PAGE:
Holden Caulfield Character In Catcher In The Rye

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Holden Caulfield has often been depicted as rebel against the norms of 1950s American society by the readers of The Catcher in the Rye because of his desire to escape society and by rejecting the ideal of the American dream that societal institutions attempt to instill within him. However, throughout J. D. Salinger 's novel, the 16 year old’s anguish and actions reflect that he is still coming to terms with the death of his younger brother, Allie. Due to his grief, Holden is someone who cares more about assisting and protecting children and because of this, resists considering his own place within society and the process of becoming an adult. Through Holden’s recollections of his deceased brother, his interactions with children, and how he changes when interacting with his younger sister, it is evident that Holden wrestles with the expectations placed on him to grow up because he wishes to retain and preserve childhood innocence within others to cope with his grief.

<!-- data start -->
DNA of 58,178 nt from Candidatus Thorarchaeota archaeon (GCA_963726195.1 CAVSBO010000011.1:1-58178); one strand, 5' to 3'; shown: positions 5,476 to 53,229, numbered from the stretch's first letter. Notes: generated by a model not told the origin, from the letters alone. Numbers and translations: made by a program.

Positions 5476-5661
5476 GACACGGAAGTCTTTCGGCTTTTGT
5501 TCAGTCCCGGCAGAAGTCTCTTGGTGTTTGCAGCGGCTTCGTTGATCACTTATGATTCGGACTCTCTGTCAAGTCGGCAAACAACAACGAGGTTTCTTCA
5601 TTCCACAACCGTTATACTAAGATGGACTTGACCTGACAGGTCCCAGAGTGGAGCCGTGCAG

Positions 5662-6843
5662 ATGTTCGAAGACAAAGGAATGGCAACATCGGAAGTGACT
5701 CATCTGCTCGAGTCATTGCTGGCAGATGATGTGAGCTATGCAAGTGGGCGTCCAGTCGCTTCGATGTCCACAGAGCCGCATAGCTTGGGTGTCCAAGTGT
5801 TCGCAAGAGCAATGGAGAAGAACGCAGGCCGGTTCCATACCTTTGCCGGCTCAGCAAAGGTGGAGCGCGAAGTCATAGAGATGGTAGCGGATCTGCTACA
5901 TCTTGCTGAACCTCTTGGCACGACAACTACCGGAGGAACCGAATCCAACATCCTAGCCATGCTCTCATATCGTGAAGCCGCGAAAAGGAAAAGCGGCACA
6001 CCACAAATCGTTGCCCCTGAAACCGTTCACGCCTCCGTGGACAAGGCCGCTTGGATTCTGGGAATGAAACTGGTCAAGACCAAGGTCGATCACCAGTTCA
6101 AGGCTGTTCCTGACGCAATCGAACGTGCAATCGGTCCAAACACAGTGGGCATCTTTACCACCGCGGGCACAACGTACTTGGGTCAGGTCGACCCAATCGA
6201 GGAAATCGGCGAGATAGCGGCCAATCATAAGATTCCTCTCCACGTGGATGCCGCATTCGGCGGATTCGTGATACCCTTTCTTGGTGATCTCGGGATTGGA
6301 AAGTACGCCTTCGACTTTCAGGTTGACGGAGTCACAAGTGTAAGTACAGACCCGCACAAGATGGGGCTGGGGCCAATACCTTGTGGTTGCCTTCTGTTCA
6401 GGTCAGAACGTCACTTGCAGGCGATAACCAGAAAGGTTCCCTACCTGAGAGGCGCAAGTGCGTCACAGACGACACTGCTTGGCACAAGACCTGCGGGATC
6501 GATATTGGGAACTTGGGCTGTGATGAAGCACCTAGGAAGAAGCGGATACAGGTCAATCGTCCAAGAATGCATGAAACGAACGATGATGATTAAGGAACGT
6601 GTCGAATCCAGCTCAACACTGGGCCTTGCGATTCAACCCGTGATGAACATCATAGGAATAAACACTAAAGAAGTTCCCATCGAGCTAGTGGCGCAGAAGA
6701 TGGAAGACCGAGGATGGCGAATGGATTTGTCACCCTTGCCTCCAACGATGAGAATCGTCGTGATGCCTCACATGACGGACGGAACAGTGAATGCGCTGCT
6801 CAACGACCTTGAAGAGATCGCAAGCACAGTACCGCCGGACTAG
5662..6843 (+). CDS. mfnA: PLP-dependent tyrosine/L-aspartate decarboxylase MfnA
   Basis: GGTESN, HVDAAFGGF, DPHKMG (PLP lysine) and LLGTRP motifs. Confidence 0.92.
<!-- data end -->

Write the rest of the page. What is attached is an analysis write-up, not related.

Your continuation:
Holden, who has been consistently disdainful of the ‘phonies’ in his family like D.B. and those he interacts at Pencey Prep at the beginning of the novel, shows rare pathos in the way he describes the personality of his younger brother: Allie Caulfield. He genuinely believes that Allie was, “the most intelligent member in the family. He was also the nicest, in lots of ways” (p. 38) which is high praise from a teenager who often refers to people as ‘crumby’. Allie, persevered in the past with the nostalgia and
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